I find it very difficult to be present in the mundane stuff. Are you with me, parents?? …

But an older, wiser friend of mine once told me that not everyone has to enjoy the same types of things, but God does intend for you to find joy in the life He’s given you. If that’s lacking, you should go looking for it. What do you enjoy, Katie? (click here to read more)

On the bigness of God even in the little things: Drowning in a Drop of Water by Jon Bloom

These realities should have us trembling when we remember how Jesus didn’t drown. The Incarnate Creator Word (John 1:3) was in such comprehensive command of the math and the molecules that they were literally “in subjection under his feet” as he walked upon a sea (John 1:14; Matthew 14:25; Hebrews 2:8; John 6:1) — a sea ironically renamed after the reigning Roman emperor. This molecular miracle was metaphorical, for the sea would never so acknowledge Tiberias’s lordship. And when Tiberias’s government executed Jesus, the imperially ordered death also prostrated itself under the feet of the Lord of glory (1 Corinthians 2:8; 15:20, 27). (click here to read more)

The story of how a jihadi fighter became a Christian: The Jihadi Who Turned to Jesus by Eiad Abdullatif

Exactly why he sought solace in Christianity, rather than a more mainstream version of Islam, no one can quite explain. Reading the Bible, Mr. Mohammad claimed, made him calmer than reading the Quran. The churches he attended, Mr. Mohammad said, made him feel more welcome than the neighborhood mosques. In his personal view, Christian prayers were more generous than Muslim ones. (click here to read more)

On the joy of Bible reading: Treat Yourself to the Voice of God by David Mathis

I’ve found it revolutionary over the years to recognize and own daily “time alone with God” as an opportunity to treat myself. God’s offer to us to hear his voice is not a call to austerity, but the invitation of Isaiah 55:1, “Come, everyone who thirsts, come to the waters.”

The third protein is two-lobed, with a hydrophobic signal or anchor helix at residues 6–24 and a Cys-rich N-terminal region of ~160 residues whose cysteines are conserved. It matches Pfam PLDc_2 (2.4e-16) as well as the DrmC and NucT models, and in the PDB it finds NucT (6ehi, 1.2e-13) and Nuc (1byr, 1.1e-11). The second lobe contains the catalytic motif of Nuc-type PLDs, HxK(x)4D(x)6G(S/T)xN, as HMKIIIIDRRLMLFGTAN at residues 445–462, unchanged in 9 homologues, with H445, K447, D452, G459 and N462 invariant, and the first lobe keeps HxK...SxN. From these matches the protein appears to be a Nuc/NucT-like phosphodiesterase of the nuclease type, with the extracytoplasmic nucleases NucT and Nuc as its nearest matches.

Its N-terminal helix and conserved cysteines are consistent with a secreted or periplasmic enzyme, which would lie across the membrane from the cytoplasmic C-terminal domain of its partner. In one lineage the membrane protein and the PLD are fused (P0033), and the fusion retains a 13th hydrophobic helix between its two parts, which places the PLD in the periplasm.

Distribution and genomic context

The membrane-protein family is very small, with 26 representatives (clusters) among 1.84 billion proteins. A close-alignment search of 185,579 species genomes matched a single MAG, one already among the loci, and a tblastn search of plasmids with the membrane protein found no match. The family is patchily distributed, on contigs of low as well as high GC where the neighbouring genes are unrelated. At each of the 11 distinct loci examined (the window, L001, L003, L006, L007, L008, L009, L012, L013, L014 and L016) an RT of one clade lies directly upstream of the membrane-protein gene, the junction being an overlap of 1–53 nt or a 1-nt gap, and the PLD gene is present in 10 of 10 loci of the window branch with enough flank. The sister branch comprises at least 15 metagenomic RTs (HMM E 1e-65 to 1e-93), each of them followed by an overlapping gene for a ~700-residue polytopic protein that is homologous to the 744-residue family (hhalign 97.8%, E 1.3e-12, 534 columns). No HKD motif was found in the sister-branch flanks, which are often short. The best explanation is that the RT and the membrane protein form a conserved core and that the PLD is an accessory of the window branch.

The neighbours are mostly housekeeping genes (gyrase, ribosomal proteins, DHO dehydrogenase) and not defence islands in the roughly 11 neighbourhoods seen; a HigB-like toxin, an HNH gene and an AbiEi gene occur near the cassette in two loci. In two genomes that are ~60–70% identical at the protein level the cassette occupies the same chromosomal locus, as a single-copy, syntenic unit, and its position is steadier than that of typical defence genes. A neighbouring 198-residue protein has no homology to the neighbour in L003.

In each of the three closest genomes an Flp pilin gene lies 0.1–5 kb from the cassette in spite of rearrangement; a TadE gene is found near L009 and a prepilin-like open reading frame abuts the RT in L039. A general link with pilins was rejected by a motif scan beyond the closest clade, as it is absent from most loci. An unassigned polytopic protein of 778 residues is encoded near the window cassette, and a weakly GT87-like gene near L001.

Consider what small supplemental steps you can take to cultivate eagerness and receptiveness to God’s word — to develop the mentality that a regular season of Bible intake and prayer is a joy to anticipate, a genuine chance to treat yourself in the best of senses. (click here to read more)

Sunday 03.19.17 (deepening joy)

This Sunday we’ll take a look at John 16:16-33 and see how we can live a life of ever-deepening joy. Then on Sunday evening, we’ll have our third night of Revive! 2017 with Cody McCully from the Church at Pleasant Ridge (Harrisonville) speaking on pursuing missions. We hope to see you there!

Schedule
@945 Small Groups / Sunday School for all ages
@1045 Worship Gathering
@5pm Dinner before Revive!
@6pm Revive! 2017 “Pursue Missions”

Sermon Notes
Deepening Joy ~ John 16:16-33

  • Joy is happiness in God
  • Joy develops deeply as we live in light of the resurrection of Jesus (16:16-22)
  • Joy develops deeply as we go to the Father in prayer (16:23-28)
  • Joy develops deeply as we trust in our overcoming Savior-King (16:29-33)

Joy Building Prayer

Rejoice in the Lord always; again I will say, rejoice. Let your reasonableness be known to everyone. The Lord is at hand; do not be anxious about anything, but in everything by prayer and supplication with thanksgiving let your requests be made known to God. And the peace of God, which surpasses all understanding, will guard your hearts and your minds in Christ Jesus. ~Philippians 4:4-7 (ESV)

As Paul moved into the conclusion of his letter, he followed the pattern he often employed and launched into a series of commands. This set of commands show us how to keep a proper attitude of rejoicing.

Throughout the letter, Paul has called his readers to a world-surpassing, Christ-centered, God-exalting joy, and he did so again. This joy flows over into our relationship with others. By “reasonableness” Paul seemed to mean a sense of courtesy and deference toward others where we do not overly concern ourselves with our own will and rights.

Paul knew these things went hand in hand. If we have proper joy in Christ, then we will treat others like we should.

But, much in this world tries to rob us of our joy. When fear, anxiety, and worry come, then our tendency is to come under a cloud of depression and such a mood often leads to a poor treatment of others. So, Paul urges us to combat fear and anxiety by remembering the nearness of our God as we go to him in prayer.

Prayer is an act of worship in which we commune personally with our Father. Prayer is as a child approaching a king in his throne room and being able to lay out all our hopes and fears without reservation. Prayer is an act of faith in which we trust God to answer his promises to care for us. And, indeed, as Paul wrote: There is something about prayer that brings the peace of God over us.

Deepening prayer leads to stronger faith, greater peace, and fuller joy. So, let us seek our joy in Christ. Let us run to the Father in prayer.

New posts from this devotional series in Philippians will run most Mondays, Tuesdays, Thursdays, and Fridays.